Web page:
World Food Day is held on October 16. On this day, we recognise the importance of ensuring a global sustainable food supply, which will become increasingly threatened as global temperatures rise. We also need to be more mindful of the immense amount of food that we waste. Food waste is a pervasive problem all around the world, not just among developed nations. Currently, over 800 million people are suffering from severe malnutrition, a shocking thought when one third of all the food that is intended for human consumption is wasted or lost. Food waste negatively affects the environment, the economy, food security and nutrition. Successfully dealing with the issue remains a great challenge for the coming years. Here are 20 facts about food waste that you need to know.
- Roughly one third of the food produced that is intended for human consumption every year- around 1.3 billion tons and valued at USD$1 trillion- is wasted or lost. This is enough to feed 3 billion people.
- The water used to produce the food wasted could be used by 9 billion people at around 200 litres per person per day.
- The food currently wasted in Europe could feed 200 million people, in Latin America 300 million people and in Africa 300 million people.
- Annual per capita waste by consumers is between 95-115kgs a year for Europeans and North Americans, while in south and southeastern Asia, it is 6-11kgs.
- Food loss and waste accounts for about 4.4 gigatons of greenhouse gas emissions annually.
- If food loss was a country, it would be the third-largest greenhouse gas emitter, behind China and the US.
- Developed and developing countries waste or lose roughly the same amount of food every year, at 670 and 630 million tons respectively. Around 88 million tons of this is in the EU alone.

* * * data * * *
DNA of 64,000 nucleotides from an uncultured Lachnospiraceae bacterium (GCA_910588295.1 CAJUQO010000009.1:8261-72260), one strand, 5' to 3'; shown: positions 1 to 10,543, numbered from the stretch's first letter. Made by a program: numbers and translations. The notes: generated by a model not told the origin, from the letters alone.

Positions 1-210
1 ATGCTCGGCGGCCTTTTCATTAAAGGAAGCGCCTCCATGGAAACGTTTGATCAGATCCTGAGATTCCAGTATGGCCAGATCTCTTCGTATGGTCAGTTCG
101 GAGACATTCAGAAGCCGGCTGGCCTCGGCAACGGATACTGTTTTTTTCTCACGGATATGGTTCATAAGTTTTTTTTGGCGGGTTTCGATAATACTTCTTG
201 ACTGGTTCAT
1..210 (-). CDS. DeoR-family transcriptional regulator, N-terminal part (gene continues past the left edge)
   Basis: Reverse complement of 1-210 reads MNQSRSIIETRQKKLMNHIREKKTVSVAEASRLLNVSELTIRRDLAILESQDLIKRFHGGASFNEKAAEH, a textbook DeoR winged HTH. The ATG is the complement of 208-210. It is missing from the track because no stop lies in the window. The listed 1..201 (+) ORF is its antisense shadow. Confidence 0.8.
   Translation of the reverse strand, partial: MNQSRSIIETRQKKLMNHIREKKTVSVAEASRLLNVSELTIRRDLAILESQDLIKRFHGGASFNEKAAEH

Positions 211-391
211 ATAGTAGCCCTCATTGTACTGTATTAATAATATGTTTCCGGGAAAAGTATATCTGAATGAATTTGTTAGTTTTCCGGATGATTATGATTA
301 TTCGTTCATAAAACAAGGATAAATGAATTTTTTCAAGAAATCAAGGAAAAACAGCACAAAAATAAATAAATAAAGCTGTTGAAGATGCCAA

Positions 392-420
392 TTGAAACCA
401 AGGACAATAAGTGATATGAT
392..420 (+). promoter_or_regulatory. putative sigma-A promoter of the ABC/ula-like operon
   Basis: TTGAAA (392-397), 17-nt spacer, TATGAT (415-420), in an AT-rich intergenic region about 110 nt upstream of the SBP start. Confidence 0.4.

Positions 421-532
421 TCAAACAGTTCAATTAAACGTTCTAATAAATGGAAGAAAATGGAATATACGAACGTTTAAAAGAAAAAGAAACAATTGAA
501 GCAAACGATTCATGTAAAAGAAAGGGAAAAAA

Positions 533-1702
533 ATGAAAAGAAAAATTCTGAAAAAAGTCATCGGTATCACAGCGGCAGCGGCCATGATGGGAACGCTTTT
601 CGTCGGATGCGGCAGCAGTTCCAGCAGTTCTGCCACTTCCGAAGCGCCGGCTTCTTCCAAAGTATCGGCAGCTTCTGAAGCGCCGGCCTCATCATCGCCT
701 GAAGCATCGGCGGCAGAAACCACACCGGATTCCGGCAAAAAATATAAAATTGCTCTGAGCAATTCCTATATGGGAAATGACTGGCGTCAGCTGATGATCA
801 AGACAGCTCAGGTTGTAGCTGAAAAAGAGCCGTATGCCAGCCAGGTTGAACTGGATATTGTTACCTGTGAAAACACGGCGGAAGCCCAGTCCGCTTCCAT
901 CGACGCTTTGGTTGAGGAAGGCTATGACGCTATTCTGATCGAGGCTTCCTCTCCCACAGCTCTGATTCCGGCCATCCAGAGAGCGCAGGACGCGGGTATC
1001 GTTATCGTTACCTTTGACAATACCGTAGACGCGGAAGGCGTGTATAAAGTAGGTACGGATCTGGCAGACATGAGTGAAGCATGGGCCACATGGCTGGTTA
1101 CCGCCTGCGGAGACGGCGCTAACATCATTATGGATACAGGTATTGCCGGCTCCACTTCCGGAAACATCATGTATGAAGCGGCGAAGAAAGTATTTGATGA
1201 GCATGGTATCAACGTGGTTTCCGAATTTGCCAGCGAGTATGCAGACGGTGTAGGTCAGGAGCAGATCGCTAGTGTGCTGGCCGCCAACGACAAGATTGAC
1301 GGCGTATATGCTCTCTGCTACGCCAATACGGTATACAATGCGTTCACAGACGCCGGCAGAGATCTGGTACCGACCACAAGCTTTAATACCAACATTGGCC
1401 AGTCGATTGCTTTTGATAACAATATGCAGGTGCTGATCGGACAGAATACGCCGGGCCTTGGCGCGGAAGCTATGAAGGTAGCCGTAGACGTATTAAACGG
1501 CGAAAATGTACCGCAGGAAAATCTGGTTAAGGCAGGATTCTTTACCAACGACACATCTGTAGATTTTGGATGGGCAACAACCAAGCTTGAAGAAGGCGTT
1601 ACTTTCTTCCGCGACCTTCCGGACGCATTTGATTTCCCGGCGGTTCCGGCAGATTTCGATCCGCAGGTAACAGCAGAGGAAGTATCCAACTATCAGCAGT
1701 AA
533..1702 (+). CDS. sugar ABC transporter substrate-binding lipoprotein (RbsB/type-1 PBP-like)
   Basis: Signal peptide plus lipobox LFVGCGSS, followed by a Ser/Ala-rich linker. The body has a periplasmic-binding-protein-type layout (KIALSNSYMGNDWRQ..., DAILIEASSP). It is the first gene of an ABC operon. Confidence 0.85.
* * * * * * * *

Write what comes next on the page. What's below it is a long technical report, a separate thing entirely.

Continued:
- Breaking it down by food group, losses and waste per year are roughly 30% for cereals, 40-50% for root crops and fruit and vegetables, 20% for oil seed and meat and dairy and 35% for fish.
- If 25% of the food currently being lost or wasted globally was saved, it would be enough to feed 870 million people around the world.
- By mid-century, the world population will hit 9 billion people. By then, food production must be increased by 70% from today’s levels to meet this demand.
- Food losses translate into lost income for farmers and higher prices for consumers, giving us an economic incentive to reduce food waste.
- In developing countries, 40% of losses occur at the post-harvest and processing stages, while in developed countries, more than 40% of losses occur at the retail and consumer levels.
- At the retail level, large quantities of food are wasted because of an emphasis on appearance- in fact, half of all produce is thrown away in the US because it is deemed too “ugly” to eat; this amounts to 60 million tons of fruits and vegetables.
- An area larger than China and 25% of the world’s fresh water supply is used to grow food that is never eaten.
- The UN’s Sustainable Development Goals aims to halve per-capita global food waste at the retail and consumer level and reduce food losses along production and supply chains, including post-harvest losses.
- Promotions in supermarkets may lead to more food waste; we may buy more food that we don’t necessarily need if we think we are getting more for our money.
- According to a survey conducted by Respect Food, 63% of people don’t know the difference between the “use by” and “best before” dates. Foods with “use by” dates are perishable and must be eaten before the given date. Foods with “best before” dates can be eaten after the given date, but it won’t be at its best quality.
- Because of quality standards that rely too much on appearance, crops are sometimes left unharvested and rot.
- In Europe, 40-60% of fish caught are discarded because they do not meet supermarket quality standards.
- In the US, organic waste is the largest source of methane emissions.
You might also like: 10 Nature Reserves and Natural Landmarks in Hong Kong
These facts tell us that we need to reduce the amount of food waste that we produce or at the very least, learn how to reuse leftover food to feed humans and animals or to produce energy and compost in order to close nutrient cycles. We hope that these facts about food waste have inspired you to rethink your consumption habits!